It is my hope that this volume will provide a framework within which to view macroevolution. I don't pretend to solve the important issues, but I do hope to redirect graduate students and colleagues toward some fruitful directions of thought. Although I like to think that this is a balanced presentation, my shortcomings and prejudices will often surface. In particular, this volume will resort to advocacy when attacking the view of evolution that speciation is a fundamental level of evolutionary change in the macroevolutionary perspective, and that the neo-Darwinian movement and the Modern Synthesis somehow undermined our ability to understand the process of evolution and brought us to our present pass of misunderstanding. The recent "born again" moves toward saltationism, and the staunchly ideological adherence to related restrictive concepts, such as punctuated equilibria, are great leaps backward and have already led many toward unproductive dead ends that are more filled with rhetoric than scientific progress. Ultimately this is a pity, because some of these ideas have been interesting and have exposed unresolved issues in evolutionary theory.
Although this book is principally meant to be a blueprint for the study of macroevolution, I found it necessary to discuss certain areas at an elementary level.
This is partially owing to the heterogeneous audience that I anticipate. I doubt that most paleontologists will be aware of the details of genetics, and neontologists will similarly benefit from some geological introduction.
Many colleagues were very generous with their time in reviewing this manuscript. I thank the following who reviewed one or more chapters: Richard K. Bambach (chapters 1-8), Michael J. Bell (chapters 3, 4, 7), Stefan Bengtson (chapters 7, 8), John T. Bonner (chapters 1-8), Peter W. Bretsky, Jr. (chapters 7, 8), Brian Charlesworth (chapters 3, 7, 8), John Cisne (chapter 7), Richard Cowan (chapters 6, 7), Gabriel Dover (part of chapter 3), Walter Eanes (chapters 3, 4), Joseph Felsenstein (chapter 2), Karl Flessa (chapter 8), Douglas Futuyma (chapters 1, 3, 4), Paul Harvey (part of chapter 6), Max Hecht (chapters 1-8), George Lauder (chapter 6), Jack Sepkoski (chapter 8), David Wake (chapter 5), and especially David Jablonski (chapters 1-9). This sounds like extensive reviewing, but consider my extensive ignorance.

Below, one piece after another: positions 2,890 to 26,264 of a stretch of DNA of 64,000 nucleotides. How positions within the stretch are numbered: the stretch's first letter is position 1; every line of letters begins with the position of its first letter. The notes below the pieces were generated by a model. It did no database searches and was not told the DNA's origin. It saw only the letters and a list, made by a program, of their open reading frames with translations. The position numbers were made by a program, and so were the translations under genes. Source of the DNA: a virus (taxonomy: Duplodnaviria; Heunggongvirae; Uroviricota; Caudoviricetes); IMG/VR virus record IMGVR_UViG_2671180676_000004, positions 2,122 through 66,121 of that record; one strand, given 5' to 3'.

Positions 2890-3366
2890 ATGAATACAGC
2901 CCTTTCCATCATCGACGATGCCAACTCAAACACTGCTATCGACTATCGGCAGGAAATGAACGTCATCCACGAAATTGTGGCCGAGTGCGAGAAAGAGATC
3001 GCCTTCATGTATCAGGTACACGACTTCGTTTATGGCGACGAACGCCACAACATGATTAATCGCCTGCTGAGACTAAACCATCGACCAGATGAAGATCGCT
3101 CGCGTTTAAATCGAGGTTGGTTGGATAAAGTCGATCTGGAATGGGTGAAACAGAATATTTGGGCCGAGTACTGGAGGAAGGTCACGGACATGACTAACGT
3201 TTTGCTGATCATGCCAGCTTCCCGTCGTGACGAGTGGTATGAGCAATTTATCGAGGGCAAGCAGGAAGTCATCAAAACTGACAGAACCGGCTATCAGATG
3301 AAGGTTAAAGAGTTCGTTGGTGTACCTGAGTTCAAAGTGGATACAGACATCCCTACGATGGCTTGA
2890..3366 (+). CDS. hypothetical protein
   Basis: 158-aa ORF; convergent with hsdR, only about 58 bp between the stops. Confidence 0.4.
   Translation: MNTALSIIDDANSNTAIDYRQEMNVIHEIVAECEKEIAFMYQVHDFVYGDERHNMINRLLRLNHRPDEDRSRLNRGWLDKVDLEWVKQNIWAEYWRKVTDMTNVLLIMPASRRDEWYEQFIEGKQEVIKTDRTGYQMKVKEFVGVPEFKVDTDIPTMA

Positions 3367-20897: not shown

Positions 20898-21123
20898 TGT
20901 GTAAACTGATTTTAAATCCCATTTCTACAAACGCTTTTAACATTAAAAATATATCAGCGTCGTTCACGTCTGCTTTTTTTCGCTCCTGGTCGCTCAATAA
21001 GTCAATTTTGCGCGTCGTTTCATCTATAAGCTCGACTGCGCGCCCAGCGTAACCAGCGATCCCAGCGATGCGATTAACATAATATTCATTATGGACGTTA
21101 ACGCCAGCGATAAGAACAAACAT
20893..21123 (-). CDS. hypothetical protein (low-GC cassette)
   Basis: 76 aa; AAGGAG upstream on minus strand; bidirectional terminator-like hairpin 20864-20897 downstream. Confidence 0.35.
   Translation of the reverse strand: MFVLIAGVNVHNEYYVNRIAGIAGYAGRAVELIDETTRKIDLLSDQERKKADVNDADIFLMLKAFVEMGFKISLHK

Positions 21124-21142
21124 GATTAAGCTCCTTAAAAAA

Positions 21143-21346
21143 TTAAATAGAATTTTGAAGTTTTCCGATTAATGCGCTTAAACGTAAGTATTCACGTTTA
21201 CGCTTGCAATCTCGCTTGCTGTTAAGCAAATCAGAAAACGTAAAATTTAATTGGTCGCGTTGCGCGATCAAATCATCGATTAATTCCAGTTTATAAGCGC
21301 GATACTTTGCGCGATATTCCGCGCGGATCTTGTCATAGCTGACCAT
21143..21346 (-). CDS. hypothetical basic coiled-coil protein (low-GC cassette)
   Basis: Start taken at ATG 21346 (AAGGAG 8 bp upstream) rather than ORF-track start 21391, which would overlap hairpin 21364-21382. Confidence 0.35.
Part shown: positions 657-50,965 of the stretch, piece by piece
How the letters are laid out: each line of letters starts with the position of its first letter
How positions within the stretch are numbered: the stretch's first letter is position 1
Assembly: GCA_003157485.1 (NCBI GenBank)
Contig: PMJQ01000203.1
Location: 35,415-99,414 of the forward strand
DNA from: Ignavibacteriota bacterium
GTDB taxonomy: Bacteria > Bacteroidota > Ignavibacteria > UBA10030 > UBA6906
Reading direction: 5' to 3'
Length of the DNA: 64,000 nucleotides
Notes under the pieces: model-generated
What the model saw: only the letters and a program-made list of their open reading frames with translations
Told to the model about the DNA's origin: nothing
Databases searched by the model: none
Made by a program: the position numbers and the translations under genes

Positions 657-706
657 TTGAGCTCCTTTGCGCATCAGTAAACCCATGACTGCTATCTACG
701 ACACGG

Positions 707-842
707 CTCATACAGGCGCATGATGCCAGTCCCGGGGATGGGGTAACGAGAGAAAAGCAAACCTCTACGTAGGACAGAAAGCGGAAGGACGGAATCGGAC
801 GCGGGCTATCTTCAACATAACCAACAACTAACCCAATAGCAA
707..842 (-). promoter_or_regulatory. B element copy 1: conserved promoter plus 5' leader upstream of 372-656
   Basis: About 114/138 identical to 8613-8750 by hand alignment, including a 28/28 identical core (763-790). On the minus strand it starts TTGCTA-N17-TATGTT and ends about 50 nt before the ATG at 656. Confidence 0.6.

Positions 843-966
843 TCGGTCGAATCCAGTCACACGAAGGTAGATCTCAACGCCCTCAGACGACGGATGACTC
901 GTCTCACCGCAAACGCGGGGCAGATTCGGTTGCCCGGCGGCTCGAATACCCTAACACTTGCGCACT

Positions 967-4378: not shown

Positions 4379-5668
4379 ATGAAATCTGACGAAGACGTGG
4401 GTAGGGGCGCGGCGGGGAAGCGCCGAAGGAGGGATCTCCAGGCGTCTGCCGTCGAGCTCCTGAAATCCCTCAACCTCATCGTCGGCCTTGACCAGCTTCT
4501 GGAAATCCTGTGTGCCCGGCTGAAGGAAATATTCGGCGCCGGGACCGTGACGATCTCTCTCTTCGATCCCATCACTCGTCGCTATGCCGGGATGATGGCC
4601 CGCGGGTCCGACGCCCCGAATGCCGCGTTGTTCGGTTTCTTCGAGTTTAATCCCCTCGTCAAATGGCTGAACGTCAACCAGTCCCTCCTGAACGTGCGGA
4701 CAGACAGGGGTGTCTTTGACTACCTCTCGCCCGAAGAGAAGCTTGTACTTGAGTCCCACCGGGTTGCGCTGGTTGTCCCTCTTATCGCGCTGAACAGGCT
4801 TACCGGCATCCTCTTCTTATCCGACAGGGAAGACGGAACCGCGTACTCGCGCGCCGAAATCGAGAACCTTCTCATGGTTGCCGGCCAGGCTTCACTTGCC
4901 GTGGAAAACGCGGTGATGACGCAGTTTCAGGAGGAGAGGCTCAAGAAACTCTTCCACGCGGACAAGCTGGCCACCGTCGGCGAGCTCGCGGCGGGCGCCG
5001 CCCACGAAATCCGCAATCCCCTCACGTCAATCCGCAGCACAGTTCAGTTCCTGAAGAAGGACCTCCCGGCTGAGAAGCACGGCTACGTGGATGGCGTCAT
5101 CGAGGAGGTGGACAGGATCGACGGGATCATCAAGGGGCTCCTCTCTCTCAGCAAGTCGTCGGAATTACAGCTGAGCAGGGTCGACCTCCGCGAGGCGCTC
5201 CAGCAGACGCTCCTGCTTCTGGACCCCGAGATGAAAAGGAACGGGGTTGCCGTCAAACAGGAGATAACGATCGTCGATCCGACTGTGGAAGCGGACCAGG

I also have been lucky to have had conversations or correspondence with many individuals who gave me useful information, their unpublished works, letters, insights, and important references. Among them, I am grateful to Bill Atchley, David Wake, Björn Kurten, Lars Werdelin, Steve Orzack, John Maynard Smith, Brian Charlesworth, Michael Bell, Pete Bretsky, Gabriel Dover, Steve Farris, Steve Stanley, Doug Futuyma, Walter Eanes, Curt Teichert, George Oster, Richard Reyment, Jürgen Schöbel, Max Hecht, Russell Lande, Art Boucot, Ledyard Stebbins, Vjaldar Jaanusson, Ernst Mayr, George Gaylord Simpson, Jack Sepkoski, and Urjö Haila.
The manuscript for this book was prepared using the Document Composition Facility at the Biological Science Computing Facility at the State University of New York at Stony Brook. I am very grateful to Dave Van Voorhees, who, in the main, formatted the manuscript into appropriate files. Scott Ferson, Kent Fiala, and Jim Rohlf were infinitely patient with our questions, and all contributed materially to our ability to produce the final product. I am also very grateful to Mitzi Eisel and to Marie Gladwish for skillfully preparing most of the figures. I also thank Richard Ziemacki, Helen Wheeler, Jim DeMartino, Peter-John Leone, and especially Rhona Johnson, all of Cambridge University Press, for their patience and kindness. Most of all I am grateful to my wife Joan, who made life so easy (at least for me) while I prepared the manuscript.
I am very grateful for the hospitality of Staffan Ulfstrand, Zoology Department of the University of Uppsala; Gabriel Dover of the Department of Genetics at Kings College, University of Cambridge; Catherin Thiriot, Odile Mayzaud, and Patrick Mayzaud, all of the Station Zoologique, Villefranche-Sur-Mer, France; and Jacques Soyer, Laboratoire Arago, Banyuls-Sur-Mer, France. I also am deeply grateful to the Guggenheim Foundation, which mainly supported the writing of this work.
Banyuls-Sur-Mer and Stony Brook